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Letter: The goofiest goof of all our goofy goofs

Caplin rolling at Middle Cove.
Caplin rolling at Middle Cove.

July 2nd marked 25 years since then federal Fisheries minister John Crosbie, in full bluff and blustering offensive mode, fed the public of this place the line (hook and sinker firmly attached) that there was to be a two-year moratorium imposed on the northern cod fishery.

Two years became three, soon five and 10 passed and now 25 years without a significant cod fishery. Before you know, it will be 30 years gone and then the 50th anniversary of the interminable cod moratorium.

Can someone, anyone – fisherman, scientist, manager; minister or his deputy or his assistant; fish union leader of the past present or wannabe; farmer, rancher or orchard owner who have never seen the sea but know the value of fertile ground — explain why there has never been an accompanying moratorium, not so much as of 25 seconds’ duration, on the commercial caplin fishery?

In the business section of The Telegram of June 30 there was an article titled, “Scientists ask N.L. to keep watch for caplin,” and subheaded, “Study attempts to use social media to improve knowledge of forage fish.”

A researcher with the Labrador Institute and the Fisheries and Marine Institute at MUN opines caplin is significant for the region’s ecosystem but generally not as well understood as some other species and she adds, “I think everybody — scientists, academics and government — is trying to fill the knowledge gap.”

A “knowledge gap” of a “keystone” fish species at this late date, 25 years in? Heaven help us. Norway has a-million-tonnes-a-year cod fishery. What is the Norwegian Ministry of Fisheries knowledge of their caplin stock? Would you hazard a guess on Norse academia’s knowledge?

Iceland has a 200,000-tonnes-per-year cod fishery. What is the health of Iceland’s caplin stock? A) at or near historic highs. B) 60 per cent to 90 per cent. C) 30 per cent to 59 per cent. D) Less than 25 per cent but way better than the Goofy Newfie’s piddling amount. (Psst. Psst. Being Iceland, the answer would be A.)

According to fisheries scientist George Rose’s excellent textbook on the ecological history of the cod, the estimated historic yearly tonnage for caplin in Newfoundland and Labrador waters is 10 million to 12 million tonnes. Good God, even if we had just 10 per cent of that high it would be a million tonnes or more! As it is, there may be an embarrassing 300,000 or 400,000 tonnes, that is, three or four per cent. Disgraceful.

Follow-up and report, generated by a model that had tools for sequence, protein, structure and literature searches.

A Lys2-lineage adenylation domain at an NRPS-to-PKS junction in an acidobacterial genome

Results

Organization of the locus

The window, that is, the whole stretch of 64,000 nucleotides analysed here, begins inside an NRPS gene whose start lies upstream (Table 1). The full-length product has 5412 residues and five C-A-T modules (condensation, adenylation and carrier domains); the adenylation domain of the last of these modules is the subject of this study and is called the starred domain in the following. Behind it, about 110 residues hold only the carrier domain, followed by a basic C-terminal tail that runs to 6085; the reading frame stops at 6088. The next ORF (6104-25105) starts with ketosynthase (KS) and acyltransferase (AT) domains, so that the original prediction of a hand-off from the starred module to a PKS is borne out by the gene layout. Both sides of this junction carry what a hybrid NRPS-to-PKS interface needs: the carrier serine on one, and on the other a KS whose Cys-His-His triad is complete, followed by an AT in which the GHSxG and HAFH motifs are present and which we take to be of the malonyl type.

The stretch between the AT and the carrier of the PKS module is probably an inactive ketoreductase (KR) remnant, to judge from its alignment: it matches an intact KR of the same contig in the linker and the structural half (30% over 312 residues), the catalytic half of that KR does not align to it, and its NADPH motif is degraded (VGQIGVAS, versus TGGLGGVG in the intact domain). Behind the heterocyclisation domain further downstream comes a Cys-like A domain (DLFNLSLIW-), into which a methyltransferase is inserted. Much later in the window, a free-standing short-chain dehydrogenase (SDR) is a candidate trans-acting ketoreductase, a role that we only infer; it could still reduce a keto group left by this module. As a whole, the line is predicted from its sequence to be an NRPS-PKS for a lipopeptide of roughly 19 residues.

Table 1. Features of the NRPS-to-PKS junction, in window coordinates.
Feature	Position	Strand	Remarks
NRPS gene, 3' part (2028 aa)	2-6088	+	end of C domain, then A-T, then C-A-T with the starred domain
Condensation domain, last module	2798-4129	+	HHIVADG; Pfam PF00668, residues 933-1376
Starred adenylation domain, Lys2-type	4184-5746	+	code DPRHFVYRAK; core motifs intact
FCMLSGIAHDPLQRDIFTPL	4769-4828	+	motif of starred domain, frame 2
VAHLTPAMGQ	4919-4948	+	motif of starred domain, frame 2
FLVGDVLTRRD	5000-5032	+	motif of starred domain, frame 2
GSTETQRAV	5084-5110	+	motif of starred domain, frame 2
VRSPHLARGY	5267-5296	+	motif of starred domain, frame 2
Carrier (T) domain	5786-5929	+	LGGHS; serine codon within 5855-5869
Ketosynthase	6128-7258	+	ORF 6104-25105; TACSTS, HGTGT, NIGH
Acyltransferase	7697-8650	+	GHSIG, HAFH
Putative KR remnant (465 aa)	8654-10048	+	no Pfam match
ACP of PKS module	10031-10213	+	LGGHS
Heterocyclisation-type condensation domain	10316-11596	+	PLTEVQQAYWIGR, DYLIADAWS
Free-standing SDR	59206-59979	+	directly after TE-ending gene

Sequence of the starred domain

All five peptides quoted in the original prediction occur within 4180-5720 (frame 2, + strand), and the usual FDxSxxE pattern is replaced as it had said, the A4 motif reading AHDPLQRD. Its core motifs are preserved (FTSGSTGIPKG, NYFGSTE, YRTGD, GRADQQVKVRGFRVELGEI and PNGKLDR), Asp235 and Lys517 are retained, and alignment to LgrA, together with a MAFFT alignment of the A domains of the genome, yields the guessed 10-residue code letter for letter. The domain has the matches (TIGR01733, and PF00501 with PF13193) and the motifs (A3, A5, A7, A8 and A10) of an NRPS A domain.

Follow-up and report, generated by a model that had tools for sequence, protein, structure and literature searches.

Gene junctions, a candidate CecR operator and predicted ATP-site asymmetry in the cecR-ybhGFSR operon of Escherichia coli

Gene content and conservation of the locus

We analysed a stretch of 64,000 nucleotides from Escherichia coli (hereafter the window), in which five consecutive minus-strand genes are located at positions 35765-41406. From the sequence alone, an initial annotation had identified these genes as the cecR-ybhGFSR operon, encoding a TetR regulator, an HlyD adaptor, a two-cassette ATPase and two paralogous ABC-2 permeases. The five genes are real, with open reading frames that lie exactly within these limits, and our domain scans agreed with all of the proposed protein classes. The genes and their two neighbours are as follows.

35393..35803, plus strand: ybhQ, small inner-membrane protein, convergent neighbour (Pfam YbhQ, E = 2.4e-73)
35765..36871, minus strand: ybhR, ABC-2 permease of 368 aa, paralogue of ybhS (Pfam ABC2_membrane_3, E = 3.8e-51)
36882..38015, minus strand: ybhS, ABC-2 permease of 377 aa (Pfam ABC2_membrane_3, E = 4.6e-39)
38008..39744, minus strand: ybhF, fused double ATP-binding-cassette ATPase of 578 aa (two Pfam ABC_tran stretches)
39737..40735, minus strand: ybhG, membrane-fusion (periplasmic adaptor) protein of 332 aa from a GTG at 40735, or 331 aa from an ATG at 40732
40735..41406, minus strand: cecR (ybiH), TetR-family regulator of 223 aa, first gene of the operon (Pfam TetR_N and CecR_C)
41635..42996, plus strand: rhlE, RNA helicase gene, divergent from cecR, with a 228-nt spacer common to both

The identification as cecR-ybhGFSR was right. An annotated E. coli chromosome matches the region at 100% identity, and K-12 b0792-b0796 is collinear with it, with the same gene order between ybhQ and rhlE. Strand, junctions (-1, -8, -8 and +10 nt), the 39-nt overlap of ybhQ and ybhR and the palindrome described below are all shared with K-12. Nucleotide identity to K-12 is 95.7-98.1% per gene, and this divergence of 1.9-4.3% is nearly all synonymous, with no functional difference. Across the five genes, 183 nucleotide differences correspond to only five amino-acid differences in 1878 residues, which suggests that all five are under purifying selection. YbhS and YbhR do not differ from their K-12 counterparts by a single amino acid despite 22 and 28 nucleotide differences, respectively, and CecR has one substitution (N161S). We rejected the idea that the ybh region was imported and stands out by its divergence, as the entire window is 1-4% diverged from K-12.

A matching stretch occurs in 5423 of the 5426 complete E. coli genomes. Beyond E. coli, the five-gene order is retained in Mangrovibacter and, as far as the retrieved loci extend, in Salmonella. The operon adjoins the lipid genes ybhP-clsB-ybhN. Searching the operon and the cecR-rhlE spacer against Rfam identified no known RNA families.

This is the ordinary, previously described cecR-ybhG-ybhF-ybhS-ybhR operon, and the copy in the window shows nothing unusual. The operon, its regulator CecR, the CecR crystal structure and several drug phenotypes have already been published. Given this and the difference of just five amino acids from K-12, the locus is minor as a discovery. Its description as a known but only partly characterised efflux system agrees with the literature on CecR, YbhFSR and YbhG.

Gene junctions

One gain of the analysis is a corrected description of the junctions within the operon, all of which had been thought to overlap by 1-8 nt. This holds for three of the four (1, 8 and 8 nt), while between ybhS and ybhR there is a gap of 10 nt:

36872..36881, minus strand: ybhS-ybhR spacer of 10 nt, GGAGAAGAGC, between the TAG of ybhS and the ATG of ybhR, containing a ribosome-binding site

Three hundred thousand or 400,000 tonnes is last year’s estimate. There is no real reason to be optimistic for great numbers this year.

Reading, at times, about Norwegian and Icelandic successful fisheries management, I have often wondered how the Russian cod fishery is doing in Northern Russia’s share of the Barents Sea and the Sea of Okhotsk.

After then Soviet Fisheries minister Alexander Ishkov hoodwinked (codded the eyes out of. No kiddin’.) former Canadian Fisheries minister Jimmy Sinclair (guess whose maternal grandfather he is) in 1956, Russian fishermen, along with those from their Warsaw Pact allies, were the most destructive and buccaneering offshore Eastern Canada.

Indeed, from Cape Hatteras and Cape Cod to Davis Strait and Baffin Bay, the East European fishing technique could best be described as akin to clear-cutting a forest. They took everything but the salt from the sea. So, how are their fishing enterprises these days?

At their annual general meeting in Gander last fall, the Liberal Party of Newfoundland and Labrador passed a resolution naming 2019 the Year of the Cod. Let us hope that is not because there are federal and provincial general elections that year and the voter must be taken in with tall tales and fabulous promises. Again, codded.

The formula is simple, Premier Dwight Ball. An abundant caplin stock means a healthy ocean equals a bumper cod fishery.

How about Crosbie’s original two-year moratorium on the northern cod fishery being now transferred to the caplin fishery? Better yet, a lustrum would be two generations of caplin living, eating, growing, breathing, spawnin’ and miltin’, dying and replenishing the too clean and unnaturally clear seawater around us.

 

Tom Careen
Placentia

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